Sometimes the best things in life are free--such as Skype 2, the latest version of eBay's newly acquired VoIP service. Skype 2 tacks on free video calling between Skype users and other neat additions to its long list of cool features, which include conference calling and an IM client. You can also add low-cost inbound/outbound calling, voicemail, and call forwarding to analog phones. The Skype dashboard thankfully remains free of advertisements, and the quality of Skype-to-Skype calls is still high. Though the quality of landline calls hasn't improved, Skype 2 continues to be an overall excellent option for anyone seeking to make free phone calls.
Installing Skype 2 is beyond easy: download and run an executable file, follow the few steps in the setup wizard, and you're done. The first time you launch the program--which pops up in an IM-like, dashboard window--a handy Getting Started wizard appears, taking you through a test call and helping you import contacts from address books it detects on your system. You'll be able to hear and see your callers using the audio or video devices (microphone/speakers, USB headset, Webcam) that you've already connected to your computer. Spend a few bucks on a device like the Actiontec Phone Wizard, and you can also use your analog phone.
All access to and adjustment of Skype 2's features happens through the dashboard window. The window is segmented into three main tabs: Contacts, Dial, and History. To place a free call to another Skype user, just click the name in your contacts list. If you've purchased credit to SkypeOut, which begins at 10 euros (currently just under $12 U.S.) and includes low rates for international locations, you can reach landline phone numbers by either clicking a number you've saved to your contacts list or by using the electronic keypad in the Dial tab. To redial a name or number that you've already called, click it in the History tab. The dashboard window is also where you can initiate other features, such as conference calling for up to five people; IMing with other Skype users; call forwarding for up to three numbers (if you have SkypeOut); and voicemail retrieval (if you bought a voicemail plan, which starts at 3 months for 5 euros).
One of the major new features in version 2 is Skype Video, free video calling between Skype users. Skype has partnered with a number of hardware companies, including Logitech and Motorola, to bring Skype-certified accessories to the market, including Webcams and Bluetooth headsets. Other new features include avatars, sounds, and ring tones (available for purchase from Skype's Web site); contact groups; and toolbars. The browser toolbar works with Internet Explorer and Firefox: Skype recognizes phone numbers and Skype names on search results pages, allowing one-click calling from the results page via Skype. The Outlook toolbar consolidates your Outlook and Skype contacts, allowing you place Skype calls to Skype users who have e-mailed you or call non-Skype users via SkypeOut.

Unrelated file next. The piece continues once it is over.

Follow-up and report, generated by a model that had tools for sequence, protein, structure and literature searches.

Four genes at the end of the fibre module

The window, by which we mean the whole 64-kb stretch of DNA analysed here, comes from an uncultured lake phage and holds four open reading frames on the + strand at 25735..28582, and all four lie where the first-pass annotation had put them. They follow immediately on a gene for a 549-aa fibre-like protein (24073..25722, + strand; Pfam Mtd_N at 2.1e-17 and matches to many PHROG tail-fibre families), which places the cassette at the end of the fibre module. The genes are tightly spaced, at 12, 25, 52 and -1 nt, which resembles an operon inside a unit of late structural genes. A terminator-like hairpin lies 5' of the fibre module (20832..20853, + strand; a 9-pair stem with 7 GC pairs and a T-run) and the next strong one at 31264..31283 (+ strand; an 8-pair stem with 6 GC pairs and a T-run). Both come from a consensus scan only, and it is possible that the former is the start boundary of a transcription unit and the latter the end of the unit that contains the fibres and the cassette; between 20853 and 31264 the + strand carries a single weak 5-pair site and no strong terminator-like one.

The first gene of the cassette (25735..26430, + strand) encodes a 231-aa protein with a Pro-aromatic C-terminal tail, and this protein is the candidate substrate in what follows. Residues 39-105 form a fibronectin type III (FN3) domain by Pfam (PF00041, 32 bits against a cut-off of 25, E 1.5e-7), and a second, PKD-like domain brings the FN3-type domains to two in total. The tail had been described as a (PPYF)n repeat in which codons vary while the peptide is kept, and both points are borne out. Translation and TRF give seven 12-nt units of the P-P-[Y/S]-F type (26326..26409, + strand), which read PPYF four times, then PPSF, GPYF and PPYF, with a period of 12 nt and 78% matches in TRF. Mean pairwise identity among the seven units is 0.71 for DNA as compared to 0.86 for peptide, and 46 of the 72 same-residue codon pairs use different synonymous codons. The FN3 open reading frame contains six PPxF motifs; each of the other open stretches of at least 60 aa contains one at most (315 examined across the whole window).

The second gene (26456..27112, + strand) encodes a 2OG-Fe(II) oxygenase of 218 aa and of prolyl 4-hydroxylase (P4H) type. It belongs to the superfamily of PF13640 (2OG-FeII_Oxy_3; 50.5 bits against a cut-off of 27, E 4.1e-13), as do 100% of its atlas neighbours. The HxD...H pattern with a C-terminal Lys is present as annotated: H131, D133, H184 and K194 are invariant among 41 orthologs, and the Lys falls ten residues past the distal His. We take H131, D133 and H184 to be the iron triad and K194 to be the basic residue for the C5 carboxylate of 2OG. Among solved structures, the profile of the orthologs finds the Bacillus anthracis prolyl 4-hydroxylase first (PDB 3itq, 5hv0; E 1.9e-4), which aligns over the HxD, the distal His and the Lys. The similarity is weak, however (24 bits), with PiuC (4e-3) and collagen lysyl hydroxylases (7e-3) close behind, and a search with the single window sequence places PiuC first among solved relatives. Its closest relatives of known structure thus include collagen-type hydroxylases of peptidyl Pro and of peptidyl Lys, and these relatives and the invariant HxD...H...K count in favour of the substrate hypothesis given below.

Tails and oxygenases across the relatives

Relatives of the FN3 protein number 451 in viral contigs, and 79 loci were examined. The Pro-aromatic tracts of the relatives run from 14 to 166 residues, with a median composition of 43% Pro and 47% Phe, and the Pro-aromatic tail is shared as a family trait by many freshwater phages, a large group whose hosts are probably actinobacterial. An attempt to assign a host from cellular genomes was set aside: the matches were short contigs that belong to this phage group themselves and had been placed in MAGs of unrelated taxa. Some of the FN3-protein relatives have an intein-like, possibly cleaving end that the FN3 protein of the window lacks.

Our anecdotal tests of Skype 2-to-Skype 2 audio calls yielded conversations that sounded almost exactly like those between two analog phones. Voices on both the calling and receiving ends came through quite clearly, and latency was barely evident. Using the video-calling function was an equally easy experience, as the program automatically detects whether the Skype user you're calling also has video capability and allows you to accept or decline the video feed. Unfortunately, the same cannot be said for Skype 2-to-landline calls (and vice versa). On a SkypeOut call to one of CNET Labs' analog phone lines, audio was relatively clear on the Skype end of the call, though the analog caller experienced some static and random chirp reminiscent of old Doctor Who episodes. Voice quality took another hit when we uploaded and downloaded data during calls, with the audio occasionally cutting out altogether on both sides of the call. After purchasing a SkypeIn subscription (starting at 3 months for 10 euros) and choosing a regular phone number to associate with our account, we made a series of analog calls to our Skype number--and experienced more of the same inferior call quality on both sides. Skype's performance problems when calling analog phones were worse than the problems that plague most VoIP services. For good call quality with Skype, your best bet is to persuade those you want to reach to install the program themselves; in addition to higher voice quality, your calls will always be free.
Free software is generally not well supported by the maker, but Skype makes a decent effort. The Skype Web site offers a user forum, downloadable user guides, a searchable knowledge base, and a troubleshooter tool that walks you through a series of questions to help you solve basic problems. Users can also submit a support request through an online form and check the status of the request.